4,000 cut, locked out even.

If 4,000 people are cut from a huge international bank, what would happen? Well, it will definitely be attracting a lot of negative publicity not just for the bank but also the banking sector. Is this the start of more negative changes to come? Standard Chartered bank started its dismantling of its stock broking, equity research and equity listing desks worldwide. 4,000 jobs in retail banking is out and in Asia, 200 job cuts has happened. The workers arrived for work only to find out that their job was gone. Before everyone said, why is the bank so heartless, do note that when you need to ‘fire’ 200 people, you would not want them to get the letter and start creating chaos in the whole office. I think when it comes to this point, there’s not a lot of choices. Some in Singapore were escorted from their desks. It’s tough to imagine. Thats why all of us should at least make sure we work hard and always continue to learn so that even if we are suddenly let go, we can at least still find a job sooner rather than later.
It was reported that this is not a sudden decision. Standard Chartered has been troubled for two years. Of course the comparison was due to the record profits the whole decade before. I do not think banks are losing money but because of high expectations, many things have to be done to fulfil those expectations.  Lots of other things happen including falling commodity prices, slowdown in a lot of its emerging countries together with a surge in bad loans and rising regulatory costs. A fraud in China also made it lose US$175 million. Closing the losing money business would enable the bank to save up to US$100 million a year beginning 2016. Actually, all the major banks are also facing these kinds of potential bad loans and rising regulatory costs. Especially as the whole market slows, businesses may start to face pressure, laying off some of their workers who could not find a new job quickly and everything deteriorates from there. Now do you know why China has started to ‘warm up’ its property market instead of waiting further? Read here: China Property Market Boost – All the measures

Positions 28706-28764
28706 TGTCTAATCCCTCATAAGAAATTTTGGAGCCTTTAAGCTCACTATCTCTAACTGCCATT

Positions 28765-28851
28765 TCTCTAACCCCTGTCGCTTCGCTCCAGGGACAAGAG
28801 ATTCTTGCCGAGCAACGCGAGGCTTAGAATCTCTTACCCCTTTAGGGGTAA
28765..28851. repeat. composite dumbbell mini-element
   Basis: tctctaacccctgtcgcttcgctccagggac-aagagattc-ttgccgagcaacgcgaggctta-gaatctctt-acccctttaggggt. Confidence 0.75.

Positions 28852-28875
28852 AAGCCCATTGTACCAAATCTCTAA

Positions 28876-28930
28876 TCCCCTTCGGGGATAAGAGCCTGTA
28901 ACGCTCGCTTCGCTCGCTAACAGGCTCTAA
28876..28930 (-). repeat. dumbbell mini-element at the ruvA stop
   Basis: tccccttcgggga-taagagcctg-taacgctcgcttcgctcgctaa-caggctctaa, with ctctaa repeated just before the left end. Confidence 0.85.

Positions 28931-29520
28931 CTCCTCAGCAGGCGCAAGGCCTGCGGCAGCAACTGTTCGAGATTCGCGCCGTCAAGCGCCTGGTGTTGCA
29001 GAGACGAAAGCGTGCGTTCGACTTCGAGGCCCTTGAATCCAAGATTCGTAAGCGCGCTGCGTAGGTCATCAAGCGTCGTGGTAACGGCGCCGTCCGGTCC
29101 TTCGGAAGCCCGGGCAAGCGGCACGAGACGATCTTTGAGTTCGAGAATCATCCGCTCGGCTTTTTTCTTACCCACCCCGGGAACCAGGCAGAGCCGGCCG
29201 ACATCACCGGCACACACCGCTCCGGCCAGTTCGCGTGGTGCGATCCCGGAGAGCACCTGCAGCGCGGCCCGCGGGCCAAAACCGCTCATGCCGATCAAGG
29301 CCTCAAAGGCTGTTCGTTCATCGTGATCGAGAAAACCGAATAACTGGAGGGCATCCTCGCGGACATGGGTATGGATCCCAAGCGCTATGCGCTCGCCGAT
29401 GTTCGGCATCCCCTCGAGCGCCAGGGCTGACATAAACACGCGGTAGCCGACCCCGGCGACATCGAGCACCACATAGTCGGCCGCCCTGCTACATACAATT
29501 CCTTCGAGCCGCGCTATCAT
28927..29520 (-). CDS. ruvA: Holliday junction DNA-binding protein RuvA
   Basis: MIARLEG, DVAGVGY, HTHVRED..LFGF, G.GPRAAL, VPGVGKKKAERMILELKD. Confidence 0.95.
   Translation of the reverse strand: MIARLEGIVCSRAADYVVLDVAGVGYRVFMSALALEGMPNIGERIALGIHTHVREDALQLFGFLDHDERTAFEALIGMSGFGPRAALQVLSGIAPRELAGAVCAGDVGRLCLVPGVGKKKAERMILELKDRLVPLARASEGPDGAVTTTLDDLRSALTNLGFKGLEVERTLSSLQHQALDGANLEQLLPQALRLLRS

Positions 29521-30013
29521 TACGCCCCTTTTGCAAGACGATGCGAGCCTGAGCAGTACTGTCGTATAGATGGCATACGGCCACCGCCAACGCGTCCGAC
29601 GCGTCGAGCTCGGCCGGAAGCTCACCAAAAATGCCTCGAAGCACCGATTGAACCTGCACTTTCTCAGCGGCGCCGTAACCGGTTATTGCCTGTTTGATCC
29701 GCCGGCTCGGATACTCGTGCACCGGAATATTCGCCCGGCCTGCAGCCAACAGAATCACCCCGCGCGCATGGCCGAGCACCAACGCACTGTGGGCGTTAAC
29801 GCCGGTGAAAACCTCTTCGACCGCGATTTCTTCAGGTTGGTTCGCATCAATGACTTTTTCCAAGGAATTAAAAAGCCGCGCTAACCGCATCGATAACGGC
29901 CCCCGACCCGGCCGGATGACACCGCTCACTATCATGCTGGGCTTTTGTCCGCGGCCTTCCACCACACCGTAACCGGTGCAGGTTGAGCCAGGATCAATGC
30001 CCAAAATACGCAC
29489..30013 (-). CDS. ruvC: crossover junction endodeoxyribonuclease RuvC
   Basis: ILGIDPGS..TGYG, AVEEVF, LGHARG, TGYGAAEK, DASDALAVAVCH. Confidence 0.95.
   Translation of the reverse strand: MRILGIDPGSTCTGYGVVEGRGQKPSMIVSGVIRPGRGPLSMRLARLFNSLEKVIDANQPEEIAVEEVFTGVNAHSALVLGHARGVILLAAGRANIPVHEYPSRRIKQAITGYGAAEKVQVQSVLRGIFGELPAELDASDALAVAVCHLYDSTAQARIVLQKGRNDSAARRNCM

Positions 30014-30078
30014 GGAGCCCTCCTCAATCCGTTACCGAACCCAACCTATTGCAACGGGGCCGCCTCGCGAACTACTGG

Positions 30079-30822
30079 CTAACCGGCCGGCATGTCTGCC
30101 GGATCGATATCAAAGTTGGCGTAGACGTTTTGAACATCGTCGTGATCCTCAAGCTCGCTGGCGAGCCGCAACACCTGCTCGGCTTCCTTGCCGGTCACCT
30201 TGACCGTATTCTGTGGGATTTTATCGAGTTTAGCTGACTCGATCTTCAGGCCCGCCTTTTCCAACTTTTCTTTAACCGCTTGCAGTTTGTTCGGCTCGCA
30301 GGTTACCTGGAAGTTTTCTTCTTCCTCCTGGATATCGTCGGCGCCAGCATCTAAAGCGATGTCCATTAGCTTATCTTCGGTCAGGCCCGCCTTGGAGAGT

Personally, I think the most major thing that has happened is not just about the market changing but it’s also how the online is evolving. There is really less need for ever more tellers or desk-bound finance staffs. Even the number of branches would no longer need to be opened at lightning speed. Still remember when there were bank branches that were open even on Sundays? Today, majority does not even bother to open on Saturdays. When you issue a cheque these days, you are charged ever more money to process them while an online transaction costs you 10 cents (RM). With your smartphone transferring money to your loved ones can be done within minutes compared to driving to a bank, find a parking bay, get down, take number and queue and then submit your forms, wait for the teller to complete the process, leave the bank, pay for your parking ticket and drive home. It’s VERY clear right.
Then again, retail banking is not just about these transactions, there are a lot of other services right? Well…. yes and it can all be performed online. In fact all these hotlines from the developed countries are already handled from the cheaper English speaking countries in this part of the world, Asia. It has been said that once everything can be made more transparent and everyone can be sort of evaluated, even the mortgage application can be fully automated. Perhaps not so soon and not in Asia but do not bet on it not happening. Seriously, I do not think this will happen only to one bank. As smartphones continue to take up shares versus the non-smartphones, the retail segment for banking will increase in size but the staffs needed would continuously be reducing.
written on 11 Jan 2015
Next suggested article: China, the new ‘World Bank’?


  1. klsg1234 avatar

    Malaysia Online transfer is far from replacing cheque. Why? Daily limit just RM10k. SG enables SGD20k transfer and is instant and FOC somemore. Malaysia is far behind…

    1. Thanks KLSG1234. Will look forward to higher limits soon then. Far behind or continuously evolving, it’s up to everyone’s interpretation. As for SG, great to hear. I hope they continue to be at the forefront and benchmarked by all countries. Cheers.

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